A voice for Maori
Gisborne's representations review was dominated by debate over rural residents when it should had been about what was best for Māori.
That was the view of Te Kahui Patu Kaikiri anti-racism committee representative Tina Ngata when she presented her submissions to Gisborne District Council's extraordinary meeting last week.
Councillors decided by just seven votes to six that the model of a district-wide general ward with eight councillors and a district-wide Māori ward with five councillors go forward for adoption at the council meeting of November 4.
The public debate over the representations review has been dominated by rural residents arguing for strong and direct rural through the retention of stand-alone rural wards.
Ms Ngata, making her submission to councillors by Zoom, said what was in the best interests of Māori, rather than rural residents, was the key issue.
Equitable representation for Māori had to be prioritised to address shameful disparities and racism.
The time it had taken to establish Māori wards was an example of the failure of colonial governance.
Tairāwhiti today had the highest rate of deprivation and for failing Māori in health, education, income, housing and employment from racialised division, not urban versus rural division.
Māori must have a say in their destiny and “layered over that” is provision of tino rangatiratanga (sovereignty, independence).
Ms Ngata said Māori-mandated organisations should speak for themselves in order to overcome disparities.
She knew of no Māori group who wanted to be defined over urban and rural lines.
Such division would be unjust without a clear mandate from Māori within Tairāwhiti.
Tina Karaitiana, in her submission, said she supported general wards for both Maori and non-Maori.
Councillors represented the entire district, she said.
She understood Federated Farmers had good reason to relitigate the matter.
Mrs Karaitiana said there had been claims of racism and separatism regarding Māori wards, but she believed people were “sophisticated enough to realise that separate voting for Māori and non-Māori was not a new phenomena”.
Māori had, in the past, voted on different days, sometimes in different weeks, she said.
It seemed some thought only rural communities needed their own voice.
Councils, through the Treaty of Waitangi, had obligations with Māori concerning land and water, flora and fauna and other taonga.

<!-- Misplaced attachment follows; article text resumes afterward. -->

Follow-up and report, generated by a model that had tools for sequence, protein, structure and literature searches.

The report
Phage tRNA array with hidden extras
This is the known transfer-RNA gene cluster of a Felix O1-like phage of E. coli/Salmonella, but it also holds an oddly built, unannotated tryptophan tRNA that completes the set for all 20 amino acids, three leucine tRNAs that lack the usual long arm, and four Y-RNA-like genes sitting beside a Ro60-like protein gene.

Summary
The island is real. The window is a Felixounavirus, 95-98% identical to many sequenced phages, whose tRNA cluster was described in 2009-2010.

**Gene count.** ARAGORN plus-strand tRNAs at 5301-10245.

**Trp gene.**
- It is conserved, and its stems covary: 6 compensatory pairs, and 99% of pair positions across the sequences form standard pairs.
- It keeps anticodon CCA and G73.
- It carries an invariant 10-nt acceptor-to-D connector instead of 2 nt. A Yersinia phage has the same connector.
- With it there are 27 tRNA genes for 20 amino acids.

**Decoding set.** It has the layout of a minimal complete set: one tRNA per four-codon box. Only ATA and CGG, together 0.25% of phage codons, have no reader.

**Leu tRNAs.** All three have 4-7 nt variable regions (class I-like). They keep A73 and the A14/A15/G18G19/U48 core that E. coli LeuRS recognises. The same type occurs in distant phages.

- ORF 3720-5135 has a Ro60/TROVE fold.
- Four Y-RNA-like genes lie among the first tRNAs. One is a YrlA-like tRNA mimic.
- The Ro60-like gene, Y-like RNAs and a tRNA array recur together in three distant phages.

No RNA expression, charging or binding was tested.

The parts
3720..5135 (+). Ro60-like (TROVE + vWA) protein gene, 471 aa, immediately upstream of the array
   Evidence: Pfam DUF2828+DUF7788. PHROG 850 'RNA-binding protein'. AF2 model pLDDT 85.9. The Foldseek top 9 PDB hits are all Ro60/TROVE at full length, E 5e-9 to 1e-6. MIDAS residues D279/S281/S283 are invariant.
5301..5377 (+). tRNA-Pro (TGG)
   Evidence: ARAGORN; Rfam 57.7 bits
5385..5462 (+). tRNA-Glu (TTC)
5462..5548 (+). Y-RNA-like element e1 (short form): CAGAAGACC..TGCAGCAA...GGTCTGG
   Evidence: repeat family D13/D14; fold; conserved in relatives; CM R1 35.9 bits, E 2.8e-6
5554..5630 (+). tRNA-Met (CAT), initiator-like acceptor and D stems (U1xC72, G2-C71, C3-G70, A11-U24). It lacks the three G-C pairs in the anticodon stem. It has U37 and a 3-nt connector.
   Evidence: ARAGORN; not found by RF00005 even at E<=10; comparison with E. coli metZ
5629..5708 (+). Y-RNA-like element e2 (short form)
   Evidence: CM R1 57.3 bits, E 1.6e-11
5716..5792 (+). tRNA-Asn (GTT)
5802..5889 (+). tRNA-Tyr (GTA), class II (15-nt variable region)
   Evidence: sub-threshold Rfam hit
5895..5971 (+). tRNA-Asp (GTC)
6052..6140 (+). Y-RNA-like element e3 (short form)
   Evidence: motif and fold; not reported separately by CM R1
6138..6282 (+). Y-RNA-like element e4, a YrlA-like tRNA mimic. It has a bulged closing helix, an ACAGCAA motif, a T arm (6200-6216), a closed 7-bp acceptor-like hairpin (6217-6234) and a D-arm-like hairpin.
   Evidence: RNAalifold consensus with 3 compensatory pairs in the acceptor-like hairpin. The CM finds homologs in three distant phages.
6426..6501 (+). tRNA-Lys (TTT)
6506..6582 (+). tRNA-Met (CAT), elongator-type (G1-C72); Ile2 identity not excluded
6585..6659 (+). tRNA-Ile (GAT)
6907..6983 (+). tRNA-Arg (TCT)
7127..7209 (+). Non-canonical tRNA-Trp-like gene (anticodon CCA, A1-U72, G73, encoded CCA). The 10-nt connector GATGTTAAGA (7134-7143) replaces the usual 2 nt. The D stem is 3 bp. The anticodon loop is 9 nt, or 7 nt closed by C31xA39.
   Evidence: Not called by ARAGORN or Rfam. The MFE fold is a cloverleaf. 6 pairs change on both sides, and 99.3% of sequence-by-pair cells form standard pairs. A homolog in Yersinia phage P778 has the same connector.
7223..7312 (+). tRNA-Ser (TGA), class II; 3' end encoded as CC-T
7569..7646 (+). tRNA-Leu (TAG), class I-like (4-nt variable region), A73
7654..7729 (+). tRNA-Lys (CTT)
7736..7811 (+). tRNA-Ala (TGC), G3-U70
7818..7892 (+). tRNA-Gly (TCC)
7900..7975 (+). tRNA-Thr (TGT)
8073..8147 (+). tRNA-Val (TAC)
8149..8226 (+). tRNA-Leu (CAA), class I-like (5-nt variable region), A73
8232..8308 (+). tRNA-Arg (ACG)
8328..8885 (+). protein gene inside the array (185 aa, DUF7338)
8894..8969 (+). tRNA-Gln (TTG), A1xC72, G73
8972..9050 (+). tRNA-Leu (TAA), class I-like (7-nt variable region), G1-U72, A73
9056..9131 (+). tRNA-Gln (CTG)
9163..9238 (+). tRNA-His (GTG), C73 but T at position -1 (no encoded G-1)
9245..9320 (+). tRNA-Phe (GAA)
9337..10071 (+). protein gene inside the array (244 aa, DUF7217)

Were they taking over this responsibility?
“I think not.”
Māori “whakapapa” to all areas, city and rural, she said.
Moera Brown, representing Rongowhakaata Iwi Trust, offered congratulations to councillors for proposing Māori wards.
It was “a great step” despite some consternation in the community.
The iwi supported the concept of Māori wards as a representation of manawhenua (territorial rights).
Rongowhakaata had a significant role in history since the process of assimilation and the arrival of the Treaty partner.
Māori made up 53 percent of the population in the rohe and manawhenua was “part and parcel of who we are”.
This was an opportunity for joint decision-making and partnership with the council and for manawhenua to have a bigger say.
The eight general ward councillors and five Māori ward councillors was a step in the right direction, but not the preferred solution.
There was a minuscule chance of it happening but five Tainui could stand in the Māori ward.
Local Māori wanted local iwi and manawhenua, Ms Brown said. The Crown had confirmed Rongowhakaata held the authority to speak on behalf of hapu and whanau.
Pehimana Brown, representing Te Aitanga a Mahaki Trust, said a large part of the iwi's financial base came from fisheries quota. That had originally been controversial but “the world did not stop overnight”.
He compared that to the contemporary debate over Māori wards.
The trust supported a Māori ward and a general ward. It allowed groups of voting populations to “aggregate the concerns which are important to them”.
The groups would be able to garner as many votes as possible and not be “restricted to an artificial boundary”.
Owen Lloyd, representing Nga Ariki Kaipātahi Iwi o Mangatū, thanked the council for its work.
He asked how did the council propose to satisfy the Treaty's article 2 of tino rangatiratanga?
“Under the structure you are proposing, all those in favour say ‘yea' . . . there are eight who say ‘yea' and five say ‘no'. Sorry, you lose.”
Agnes Walker, submitting as an individual taxpayer and a Māori involved with incorporations, supported the council proposal.
The region was a small district in a time of huge changes, she said. There was a need to realise everyone wanted what was best for the district.
Collaboration between urban and rural residents was important.
Karen Pewhairangi said hapu needed consideration, representation and engagement with the council, as well as iwi.
She supported Maori wards.